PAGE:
Optimal portfolio choice with predictability in house prices and transaction costs
Are housing returns predictable? If so, do households take them into account when making their housing consumption and portfolio decisions? We document the existence of housing return predictability in the U.S. at the aggregate, census region, and state level. We study a portfolio choice model in which housing returns are predictable and adjustment costs must be paid when a house is purchased or sold. We show that two state variables affect the agent's decisions: 1) her wealth-to-housing ratio; and 2) the time-varying expected growth rate of house prices. The agent buys (sells) her housing assets only when the wealth-to-housing ratio reaches an optimal upper (lower) bound. These bounds are time-varying and depend on the expected growth rate of house prices. Finally, we use household level data from the PSID and SIPP surveys to test and support the model's main implications.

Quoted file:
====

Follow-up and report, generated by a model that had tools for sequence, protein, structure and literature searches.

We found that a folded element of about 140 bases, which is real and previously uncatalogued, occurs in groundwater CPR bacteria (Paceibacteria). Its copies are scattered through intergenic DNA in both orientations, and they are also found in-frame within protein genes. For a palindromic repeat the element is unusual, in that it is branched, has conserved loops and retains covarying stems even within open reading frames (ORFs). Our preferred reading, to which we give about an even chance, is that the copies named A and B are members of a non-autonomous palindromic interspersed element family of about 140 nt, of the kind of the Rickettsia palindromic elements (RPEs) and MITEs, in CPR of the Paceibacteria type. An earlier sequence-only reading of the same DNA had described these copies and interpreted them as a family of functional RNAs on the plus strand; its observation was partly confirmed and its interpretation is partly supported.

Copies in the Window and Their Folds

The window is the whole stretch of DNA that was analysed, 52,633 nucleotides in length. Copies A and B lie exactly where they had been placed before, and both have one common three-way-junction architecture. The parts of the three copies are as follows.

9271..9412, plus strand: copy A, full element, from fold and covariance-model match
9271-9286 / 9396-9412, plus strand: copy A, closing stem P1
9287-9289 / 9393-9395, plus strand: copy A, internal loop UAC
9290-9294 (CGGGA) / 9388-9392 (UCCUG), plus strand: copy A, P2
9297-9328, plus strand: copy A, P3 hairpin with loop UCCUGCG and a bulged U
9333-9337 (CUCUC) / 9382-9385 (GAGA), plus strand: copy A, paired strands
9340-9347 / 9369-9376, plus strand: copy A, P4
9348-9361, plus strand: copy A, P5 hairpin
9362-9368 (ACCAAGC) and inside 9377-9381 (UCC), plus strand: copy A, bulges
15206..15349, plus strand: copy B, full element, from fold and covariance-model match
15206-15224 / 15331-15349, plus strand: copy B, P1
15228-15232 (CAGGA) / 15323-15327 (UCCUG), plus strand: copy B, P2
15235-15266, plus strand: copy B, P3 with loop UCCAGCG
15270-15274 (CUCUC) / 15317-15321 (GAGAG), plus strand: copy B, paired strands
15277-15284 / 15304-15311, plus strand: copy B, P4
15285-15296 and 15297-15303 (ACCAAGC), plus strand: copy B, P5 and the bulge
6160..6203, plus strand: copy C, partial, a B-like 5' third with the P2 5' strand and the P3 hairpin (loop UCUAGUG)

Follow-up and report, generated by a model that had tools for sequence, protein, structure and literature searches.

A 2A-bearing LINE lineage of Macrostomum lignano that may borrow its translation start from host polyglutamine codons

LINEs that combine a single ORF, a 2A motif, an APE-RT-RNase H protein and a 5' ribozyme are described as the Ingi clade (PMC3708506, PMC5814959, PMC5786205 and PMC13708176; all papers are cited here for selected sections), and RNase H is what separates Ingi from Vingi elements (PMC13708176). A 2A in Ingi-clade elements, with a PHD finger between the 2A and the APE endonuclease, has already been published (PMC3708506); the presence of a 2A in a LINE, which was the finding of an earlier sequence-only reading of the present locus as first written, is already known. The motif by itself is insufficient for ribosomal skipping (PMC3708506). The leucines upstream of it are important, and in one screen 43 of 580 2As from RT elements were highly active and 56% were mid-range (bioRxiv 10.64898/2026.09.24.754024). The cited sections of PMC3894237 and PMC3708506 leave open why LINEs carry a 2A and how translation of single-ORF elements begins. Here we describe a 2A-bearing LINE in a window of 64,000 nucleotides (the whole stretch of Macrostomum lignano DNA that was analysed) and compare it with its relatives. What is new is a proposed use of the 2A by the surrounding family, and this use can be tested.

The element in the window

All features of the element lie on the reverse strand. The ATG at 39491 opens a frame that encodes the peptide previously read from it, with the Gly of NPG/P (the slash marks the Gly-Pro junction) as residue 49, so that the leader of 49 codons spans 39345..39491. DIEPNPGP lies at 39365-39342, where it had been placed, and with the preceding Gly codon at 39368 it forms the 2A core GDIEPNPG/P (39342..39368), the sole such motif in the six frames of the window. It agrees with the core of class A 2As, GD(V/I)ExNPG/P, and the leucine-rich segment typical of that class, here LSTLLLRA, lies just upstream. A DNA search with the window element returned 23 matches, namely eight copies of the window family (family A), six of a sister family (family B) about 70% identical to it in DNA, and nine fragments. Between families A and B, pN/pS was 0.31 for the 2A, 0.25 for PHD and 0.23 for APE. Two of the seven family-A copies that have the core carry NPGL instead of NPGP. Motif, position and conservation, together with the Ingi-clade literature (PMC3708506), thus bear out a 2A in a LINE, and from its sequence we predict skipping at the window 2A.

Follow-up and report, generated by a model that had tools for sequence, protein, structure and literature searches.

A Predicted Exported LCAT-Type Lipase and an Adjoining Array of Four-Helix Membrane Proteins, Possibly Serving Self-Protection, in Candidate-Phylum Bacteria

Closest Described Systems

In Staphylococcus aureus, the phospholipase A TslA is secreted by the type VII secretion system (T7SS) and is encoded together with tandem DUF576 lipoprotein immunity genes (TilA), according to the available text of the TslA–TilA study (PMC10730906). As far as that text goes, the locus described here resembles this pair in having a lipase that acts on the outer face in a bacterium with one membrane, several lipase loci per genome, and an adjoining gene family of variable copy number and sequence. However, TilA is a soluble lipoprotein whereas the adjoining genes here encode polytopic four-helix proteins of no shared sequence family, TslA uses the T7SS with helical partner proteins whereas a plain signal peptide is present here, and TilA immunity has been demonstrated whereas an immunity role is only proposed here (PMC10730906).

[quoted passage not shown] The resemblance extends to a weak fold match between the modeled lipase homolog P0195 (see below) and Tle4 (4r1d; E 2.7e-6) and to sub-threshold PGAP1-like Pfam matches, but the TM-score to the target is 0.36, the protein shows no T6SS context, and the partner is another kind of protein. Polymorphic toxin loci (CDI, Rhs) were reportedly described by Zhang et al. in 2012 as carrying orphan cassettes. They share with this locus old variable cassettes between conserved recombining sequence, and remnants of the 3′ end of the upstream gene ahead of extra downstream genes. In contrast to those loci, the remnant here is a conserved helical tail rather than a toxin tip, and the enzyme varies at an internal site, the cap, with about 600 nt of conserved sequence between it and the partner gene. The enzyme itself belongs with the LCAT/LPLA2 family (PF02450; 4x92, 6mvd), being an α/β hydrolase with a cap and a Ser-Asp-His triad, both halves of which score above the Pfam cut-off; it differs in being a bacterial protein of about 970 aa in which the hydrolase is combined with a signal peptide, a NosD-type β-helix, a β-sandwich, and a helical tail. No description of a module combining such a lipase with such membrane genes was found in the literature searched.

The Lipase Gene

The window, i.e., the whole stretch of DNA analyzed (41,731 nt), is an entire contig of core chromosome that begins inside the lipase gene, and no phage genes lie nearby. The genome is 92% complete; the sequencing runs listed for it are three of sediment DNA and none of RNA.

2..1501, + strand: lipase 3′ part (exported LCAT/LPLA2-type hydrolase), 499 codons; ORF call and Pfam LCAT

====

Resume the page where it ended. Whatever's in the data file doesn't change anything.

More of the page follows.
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- John Y. Campbell & Luis M. Viceira, 1998.
"Consumption and Portfolio Decisions When Expected Returns Are Time Varying,"
Harvard Institute of Economic Research Working Papers
1835, Harvard - Institute of Economic Research.
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- University of Chicago & Jose L. Fillat, 2008. "Housing as a Measure for the Long Run Risk in Asset Pricing," 2008 Meeting Papers 483, Society for Economic Dynamics.
- Robert F. Martin, 2003. "Consumption, durable goods, and transaction costs," International Finance Discussion Papers 756, Board of Governors of the Federal Reserve System (U.S.).
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